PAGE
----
GTT: A strong backbone: moving IT into the cloud – Rick Calder

For every banking institution, any movement of its internal services and data storage to the cloud is always presaged by a single question: how secure will the network that supports it be? Future Banking talks to Rick Calder, CEO of GTT, about how the company's networking services are providing the backbone by which banks can support their move into the cloud.

Founded in 1998, GTT has grown from a small network provider based in Virginia to one of the largest cloud networking providers in the world. Through the operation of its Tier 1 internet network, the firm is able to provide services ranging from secure, high-speed internet access, to global Ethernet and MPLS VPNs, as well as a full suite of managed services and global voice solutions.

"When I joined GTT, the company had really emerged as a challenger brand," says Richard Calder, the firm's CEO. "We had the ability to provide cloud networking services to multinational clients, anywhere in the world and any application in the cloud, and provide secure and private connectivity through our global network service. The role of the network becomes such a critical component of that and, as more people realise that, our position in the market will become even stronger."

Since Calder was appointed as GTT's CEO in 2007, the firm has seen its annual revenue shoot up from $50 million to almost ten times that figure.

In that sense, GTT fundamentally differs from other 'cloud solutions partners' such as Amazon, Rackspace or Google, which largely just provide applications for use within public and private date centres. When a client decides to move their applications from their proprietary data centre to the cloud, they choose between those companies as the end destination for that service. Once that decision is made, GTT facilitates the migration via its secure network, thereby enhancing the client's performance and saving them money.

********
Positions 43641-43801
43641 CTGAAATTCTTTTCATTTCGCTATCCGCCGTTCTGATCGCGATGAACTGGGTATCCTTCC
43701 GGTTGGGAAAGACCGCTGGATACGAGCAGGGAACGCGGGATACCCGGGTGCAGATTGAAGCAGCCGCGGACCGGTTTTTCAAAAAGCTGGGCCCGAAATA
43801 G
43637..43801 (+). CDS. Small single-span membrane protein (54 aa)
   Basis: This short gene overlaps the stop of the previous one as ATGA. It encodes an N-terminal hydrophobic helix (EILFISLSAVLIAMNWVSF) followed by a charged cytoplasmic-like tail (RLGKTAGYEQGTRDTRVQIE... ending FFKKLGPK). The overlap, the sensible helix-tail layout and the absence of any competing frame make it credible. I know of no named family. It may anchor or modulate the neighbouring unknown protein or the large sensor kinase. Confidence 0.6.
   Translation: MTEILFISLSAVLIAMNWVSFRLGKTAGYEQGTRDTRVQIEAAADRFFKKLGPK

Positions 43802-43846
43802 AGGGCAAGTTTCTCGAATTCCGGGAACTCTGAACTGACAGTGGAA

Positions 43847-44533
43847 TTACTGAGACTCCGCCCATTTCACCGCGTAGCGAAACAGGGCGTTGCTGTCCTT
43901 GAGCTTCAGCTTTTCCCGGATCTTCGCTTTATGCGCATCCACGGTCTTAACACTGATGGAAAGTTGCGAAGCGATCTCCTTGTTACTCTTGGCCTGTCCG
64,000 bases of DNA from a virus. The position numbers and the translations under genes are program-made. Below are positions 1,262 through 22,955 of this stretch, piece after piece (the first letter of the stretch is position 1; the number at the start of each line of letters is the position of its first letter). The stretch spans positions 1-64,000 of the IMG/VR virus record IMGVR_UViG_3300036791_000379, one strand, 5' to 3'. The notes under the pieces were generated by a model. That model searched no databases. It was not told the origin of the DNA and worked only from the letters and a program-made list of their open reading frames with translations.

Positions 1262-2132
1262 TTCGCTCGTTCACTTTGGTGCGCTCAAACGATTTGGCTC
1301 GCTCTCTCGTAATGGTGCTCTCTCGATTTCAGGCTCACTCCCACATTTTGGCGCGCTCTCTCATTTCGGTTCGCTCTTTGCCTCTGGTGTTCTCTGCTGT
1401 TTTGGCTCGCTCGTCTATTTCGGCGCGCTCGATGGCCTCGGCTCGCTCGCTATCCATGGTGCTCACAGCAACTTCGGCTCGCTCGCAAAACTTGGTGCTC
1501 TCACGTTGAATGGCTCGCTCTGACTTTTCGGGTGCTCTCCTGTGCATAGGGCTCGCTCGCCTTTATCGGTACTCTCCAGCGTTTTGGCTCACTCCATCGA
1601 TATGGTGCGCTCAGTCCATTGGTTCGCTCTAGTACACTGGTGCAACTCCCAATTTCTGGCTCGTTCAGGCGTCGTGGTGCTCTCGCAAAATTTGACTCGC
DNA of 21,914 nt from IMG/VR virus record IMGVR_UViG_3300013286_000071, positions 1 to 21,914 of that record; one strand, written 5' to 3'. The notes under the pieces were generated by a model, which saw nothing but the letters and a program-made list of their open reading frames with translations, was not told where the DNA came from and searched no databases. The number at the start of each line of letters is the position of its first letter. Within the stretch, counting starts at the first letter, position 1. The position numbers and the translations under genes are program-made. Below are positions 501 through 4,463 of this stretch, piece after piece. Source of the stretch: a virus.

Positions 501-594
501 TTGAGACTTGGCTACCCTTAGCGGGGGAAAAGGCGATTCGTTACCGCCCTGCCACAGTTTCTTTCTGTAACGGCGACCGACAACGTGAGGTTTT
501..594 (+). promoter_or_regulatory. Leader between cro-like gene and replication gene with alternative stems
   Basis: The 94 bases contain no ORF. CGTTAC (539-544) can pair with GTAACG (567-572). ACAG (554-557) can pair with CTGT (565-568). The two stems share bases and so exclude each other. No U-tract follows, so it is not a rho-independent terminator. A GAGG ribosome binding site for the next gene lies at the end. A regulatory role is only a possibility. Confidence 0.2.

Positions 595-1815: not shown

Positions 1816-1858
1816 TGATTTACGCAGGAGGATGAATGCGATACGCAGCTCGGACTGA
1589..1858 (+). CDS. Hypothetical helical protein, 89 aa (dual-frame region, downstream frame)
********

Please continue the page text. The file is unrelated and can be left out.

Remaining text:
"We're the connectivity option," Calder explains. "We are a better way to reach that cloud, whether it's via public internet or through private secure cloud services. GTT has built its network effectively around this cloud ecosystem to be able to interconnect seamlessly on a private secure basis or through the public internet to any cloud application that's out there."

The network

Transferring a large number of data and IT services to the cloud requires a reliable and secure backbone network. Luckily for GTT's customers, the company owns and operates one of the largest IP networks on the planet. "We are consistently ranked one of the top five internet backbones in the world," says Calder. "As a function of that, we enjoy extensive reach when it comes to maintaining network stands and points-of-presence. GTT has built relationships with over 2,000 network partners over the past 17 years; we can actively connect any one of our clients anywhere in the world."

Overall, GTT maintains 17 international offices, servicing over 4,000 clients with over 250 points-of-presence across six continents. With these statistics in mind, Calder believes that the company is uniquely placed to compete against some of the better-known names throughout the telecoms sector.